Essex Farm Note

Week 27, 2015

June ended the same way it started. Rain, rain, rain. We stopped counting inches on our rain gauge a while ago, but Mark told me this morning that the official tally across the lake was a whopping 15” for June. (For reference, 4” would have been ideal.) Let’s hope a new month means a new weather pattern, dry days, and some heat for the whole region, because we’re not the only ones who are soggy. The girls and I were in Vermont yesterday, and drove past a lot of very sorry looking crops – stunted, yellowing corn, and hay fields with coarse-looking, headed-out grasses.

The only mortality here so far has been the melons – watermelon and cantaloupe – which succumbed to a one-two punch of wet feet and insect pressure. Dry beans still look poor, but they are growing. Everything else looks fair to excellent. The weeds took advantage of the field conditions to get a jump on us, but we have two weeks before they have an unstoppable advantage, and if good weather holds, we should be able to catch up, especially if we can get our new 4-row cultivator in working order. Meanwhile, the team took advantage of a break in the rain last Saturday to get most of the fall brassicas transplanted, using the new waterwheel transplanter. Those plants look strong and healthy.

I shudder to think where we would be without drainage. Not to sound like a broken record on that front, but it really has saved us this year. Mark and I walked out to the end pipe last night after the kids were in bed, for the pleasure of watching water rush out of it. This is not the first time we’ve faced a supremely wet growing season, and it probably won’t be the last. We are talking about how to finance more drainage on the field next to Blockhouse Road. We would like to make it happen by the end of summer so we can get it fitted and ready for planting next spring.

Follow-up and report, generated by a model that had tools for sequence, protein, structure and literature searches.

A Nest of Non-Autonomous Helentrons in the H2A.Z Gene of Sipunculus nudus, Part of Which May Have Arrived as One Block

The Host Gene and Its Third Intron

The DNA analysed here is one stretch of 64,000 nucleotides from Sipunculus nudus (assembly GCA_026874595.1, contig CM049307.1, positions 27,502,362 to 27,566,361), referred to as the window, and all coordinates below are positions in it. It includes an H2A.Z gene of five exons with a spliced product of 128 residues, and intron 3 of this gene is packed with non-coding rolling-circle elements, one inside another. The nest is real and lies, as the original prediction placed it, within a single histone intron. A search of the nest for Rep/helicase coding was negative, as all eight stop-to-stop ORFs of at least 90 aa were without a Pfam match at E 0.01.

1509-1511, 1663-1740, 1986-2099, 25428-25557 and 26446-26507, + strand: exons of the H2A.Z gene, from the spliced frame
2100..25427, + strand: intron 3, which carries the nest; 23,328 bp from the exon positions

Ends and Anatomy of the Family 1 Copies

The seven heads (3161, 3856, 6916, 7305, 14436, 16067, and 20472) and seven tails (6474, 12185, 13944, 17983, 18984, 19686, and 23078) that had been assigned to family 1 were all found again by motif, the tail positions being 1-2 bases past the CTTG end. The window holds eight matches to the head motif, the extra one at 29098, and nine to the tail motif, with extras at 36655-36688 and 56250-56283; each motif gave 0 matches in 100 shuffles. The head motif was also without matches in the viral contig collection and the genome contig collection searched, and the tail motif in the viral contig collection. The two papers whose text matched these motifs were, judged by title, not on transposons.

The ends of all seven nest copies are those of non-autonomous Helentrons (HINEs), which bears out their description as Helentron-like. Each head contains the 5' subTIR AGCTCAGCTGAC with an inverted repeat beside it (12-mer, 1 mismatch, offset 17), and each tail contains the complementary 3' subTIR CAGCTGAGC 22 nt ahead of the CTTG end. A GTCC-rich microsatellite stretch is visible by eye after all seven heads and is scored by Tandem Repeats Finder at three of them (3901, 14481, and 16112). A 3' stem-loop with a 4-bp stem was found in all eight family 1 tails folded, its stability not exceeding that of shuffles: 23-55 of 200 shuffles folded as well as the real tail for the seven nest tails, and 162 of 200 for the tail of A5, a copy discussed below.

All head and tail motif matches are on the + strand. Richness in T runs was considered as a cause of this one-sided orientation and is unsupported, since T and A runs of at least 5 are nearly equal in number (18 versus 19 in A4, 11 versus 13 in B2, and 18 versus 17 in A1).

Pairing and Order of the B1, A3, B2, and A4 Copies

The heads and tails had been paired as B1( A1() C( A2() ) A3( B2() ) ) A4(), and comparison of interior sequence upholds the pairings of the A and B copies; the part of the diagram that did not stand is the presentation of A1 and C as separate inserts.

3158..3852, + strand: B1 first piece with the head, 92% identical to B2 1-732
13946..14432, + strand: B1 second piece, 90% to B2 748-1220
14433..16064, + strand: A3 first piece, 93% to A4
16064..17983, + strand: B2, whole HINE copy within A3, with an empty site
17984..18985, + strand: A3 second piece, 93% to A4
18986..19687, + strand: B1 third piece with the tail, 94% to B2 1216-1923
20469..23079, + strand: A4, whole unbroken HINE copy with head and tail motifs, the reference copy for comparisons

Now that the sun is out, it’s full speed ahead. We can’t waste a minute. Ben took our newly acquired mower out to start cutting hay early this morning, along with every other farmer in the neighborhood. I was pleasantly surprised to see that the hay fields don’t look as over-mature as I thought they would. The cool wet weather must have slowed their growth. By mid-morning, Ben had laid down several acres, but then the mower broke, as it always does when you need it. Mark and Jon are in the shop with it now, hoping to get back out before the day is over.

What else? Lindsey has been on thistle patrol this week, trying to decapitate it before it goes to seed. Thistle has been increasingly problematic in our pastures over the last few years. We will see the last of the asparagus in the share today. The rain put a bad hurt on the strawberries, but raspberries are right around the corner and look particularly strong. We have a huge crew of volunteers here today and a large proportion of them are picking shell peas right now. It takes a day of picking to appreciate how much labor goes into harvesting shell peas. I hope you all enjoy them as much as we did in the farmhouse this week, cooked in milk with a little butter and some chopped mint. Sugar snaps should be here next week, and green beans in two weeks. And that is the news from Essex Farm for this hopeful 27th week of 2015.                                                    -Kristin & Mark Kimball


Picking peas before the rain.


Heavy skies over the bean patch.


Mark got the fall carrots planted yesterday. A little late, but not too bad.


Carrots, carrots, carrots.


First hay down.


First breakdown.


Getting down to deal with it.

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